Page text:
Here's How the NRA is So Freakishly Effective in the Gun Control Debate
The NRA focuses its efforts on one specific, positive goal: retain or expand the current rights of gun owners. The organization does a masterful of job of capitalizing on the association between NRA members, other gun owners, and their favored firearms. They have memorable experiences, hobbies, and passions on their side. The NRA’s bevy of websites, accessible through nra.org, tout this message to the fullest: athletes, families, veterans, philanthropists, and the all-powerful Average Joe line up along the gun range in solidarity, training their sights on the same target.
Gun-control advocates push for negatively framed aims like fewer deaths, fewer injuries, less violence (granted, an overwhelmingly positive result if realized). This strategy fails for the same reason that not everyone donates to save injured animals after viewing that famously depressing Sarah McLachlan commercial: It's a downer message missing a clear hope of meaningful change. Each widely publicized shooting is more heart-wrenching, terrible, and puzzling than the last. But the pain from these horrific events numbs or fades quickly, and with that emotional detachment goes the response. Those events are not movement-sustaining or galvanizing in an enduring way.
It’s also worth wondering if this recurring-tragedy narrative isn’t wearing a bit thin with the American public. These arguments and anecdotes now meet instantly with dismissive labels of “opportunism.” Indeed, you’ll find no specific shooting referenced in this article, because each side of this debate has for too long stacked up the bodies of slain men, women, and children as evidence supporting its own agenda (see how easy it is to do that?).
Aside from having a more marketable message, though, the NRA also has more money to market it. A whole lot more. This is the factor invoked most frequently in explaining the NRA’s outsized influence in Washington — and for fairly good reason. There’s definitely a marked disparity in resources employed between the two sides of the gun debate. The NRA has brokered the majority of the gun lobby’s $46 million in political election expenditures since 2010, compared with only $11 million from the gun-control front (and this only after Bloomberg began funneling millions of his own money in that direction).
Campaign contributions from the NRA are indeed strategic and significant, and the organization has long dominated lobbying on the issue. Gun control’s previous heaviest hitter on the lobbying front was the Brady Center, pitting $40,000 against the NRA’s $2.5 million in lobbying muscle. However, money alone does not explain the NRA’s outsized influence in Washington. Surely many (overwhelmingly Republican) members of Congress are grateful for the $2,000-12,000 they received in campaign contributions from the NRA, but in campaigns that routinely cost two, four, and even $16 million, this is merely a small-caliber bullet dropped in a bucket. No, the answer for NRA's sway over politicians goes deeper than that.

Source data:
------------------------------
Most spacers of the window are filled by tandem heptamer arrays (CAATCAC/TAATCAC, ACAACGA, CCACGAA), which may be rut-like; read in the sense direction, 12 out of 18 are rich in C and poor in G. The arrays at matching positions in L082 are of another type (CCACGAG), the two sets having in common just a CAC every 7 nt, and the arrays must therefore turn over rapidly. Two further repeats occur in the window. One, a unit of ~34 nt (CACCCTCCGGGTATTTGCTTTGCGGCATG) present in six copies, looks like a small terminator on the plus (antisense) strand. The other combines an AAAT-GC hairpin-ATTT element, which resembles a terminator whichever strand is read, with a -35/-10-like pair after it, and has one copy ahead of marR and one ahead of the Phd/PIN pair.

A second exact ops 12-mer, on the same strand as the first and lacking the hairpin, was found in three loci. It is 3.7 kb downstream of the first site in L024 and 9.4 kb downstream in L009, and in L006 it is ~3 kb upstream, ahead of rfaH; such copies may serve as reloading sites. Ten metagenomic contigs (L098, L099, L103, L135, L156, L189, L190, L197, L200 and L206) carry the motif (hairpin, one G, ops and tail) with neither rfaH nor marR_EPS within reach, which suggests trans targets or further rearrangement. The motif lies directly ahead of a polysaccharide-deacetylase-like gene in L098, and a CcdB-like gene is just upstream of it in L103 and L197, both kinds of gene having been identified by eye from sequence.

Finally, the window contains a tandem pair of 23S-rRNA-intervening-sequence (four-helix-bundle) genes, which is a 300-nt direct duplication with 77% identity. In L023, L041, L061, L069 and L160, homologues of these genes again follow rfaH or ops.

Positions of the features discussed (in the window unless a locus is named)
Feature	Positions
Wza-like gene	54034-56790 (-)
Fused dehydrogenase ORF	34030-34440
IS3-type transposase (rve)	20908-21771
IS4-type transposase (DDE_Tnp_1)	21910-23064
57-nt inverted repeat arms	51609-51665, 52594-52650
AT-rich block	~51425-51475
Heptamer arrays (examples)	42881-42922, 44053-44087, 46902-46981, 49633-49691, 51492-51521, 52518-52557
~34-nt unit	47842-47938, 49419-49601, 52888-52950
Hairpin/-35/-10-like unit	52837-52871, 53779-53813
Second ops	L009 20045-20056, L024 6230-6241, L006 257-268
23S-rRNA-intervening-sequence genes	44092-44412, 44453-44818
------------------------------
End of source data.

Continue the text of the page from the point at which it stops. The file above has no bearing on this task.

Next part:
In addition to donations for candidates, the NRA isn’t shy about going negative. In fact, aligning oneself in ideological opposition to the NRA is a surefire way to earn a severe challenge to your election bid. During the 2011-2012 election cycle, the NRA spent more than double ($13 million) against Democrats and a few unfavored Republicans than they spent in favor of their chosen candidates (see figure below). The NRA is an even stauncher enemy than it is a friend.
Incorporating the outside spending statistics begins to explain the NRA’s amplified volume, but its overall spending puts it only 54th in terms of donor volume in the past two decades. Why don’t politicians similarly fear the ire of the National Association of Letter Carriers or the Plumbers and Pipefitters Union (both higher on the contributions’ list than the NRA)? The NRA holds Washington at gunpoint on its chosen issues because it has turned 4-5 million (depending on who you ask) card-carrying, dues-paying, gun-toting members into one of the nation’s most formidable voting blocs. Yes, 90% of Americans support background checks for gun purchasers, but far less than 90% of Americans vote exclusively on the issue of background checks. The NRA’s minority is the clarified butter of gun enthusiasts — an intensified, concentrated sample that acts with powerful uniformity.
Whether or not Barack Obama actually has plans to personally invade the homes of America’s 100 million gun owners and forcibly remove their firearms is irrelevant. The NRA has achieved great success in making this event seem possible to the Americans who fear it the most. The NRA has perfected the use of slippery-slope arguments and doomsday predictions to activate a passionate, idealistic, and focused base. These arguments go something like, “if you get into a car, then you’re more likely to get into a car accident; therefore, all automobiles must be banned” (except the NRA would add that people cause accidents, not cars). Never mind that it’s one of the clearest logical fallacies: It works, dammit. It also helps that millions of Americans are willing to vote with their guns, deciding largely off this one issue.
The rights of children to lives free of violence, allowing only those without violent criminal records or histories of mental illness to possess firearms, and other similar aims are quite positive in nature. If the gun-control lobby can unite behind messages and policies such as these, it might eventually wrest the narrative away from gun rights advocates. It’d also help if gun-control advocates managed to drum up an additional $30-80 million in advance of the next congressional election season.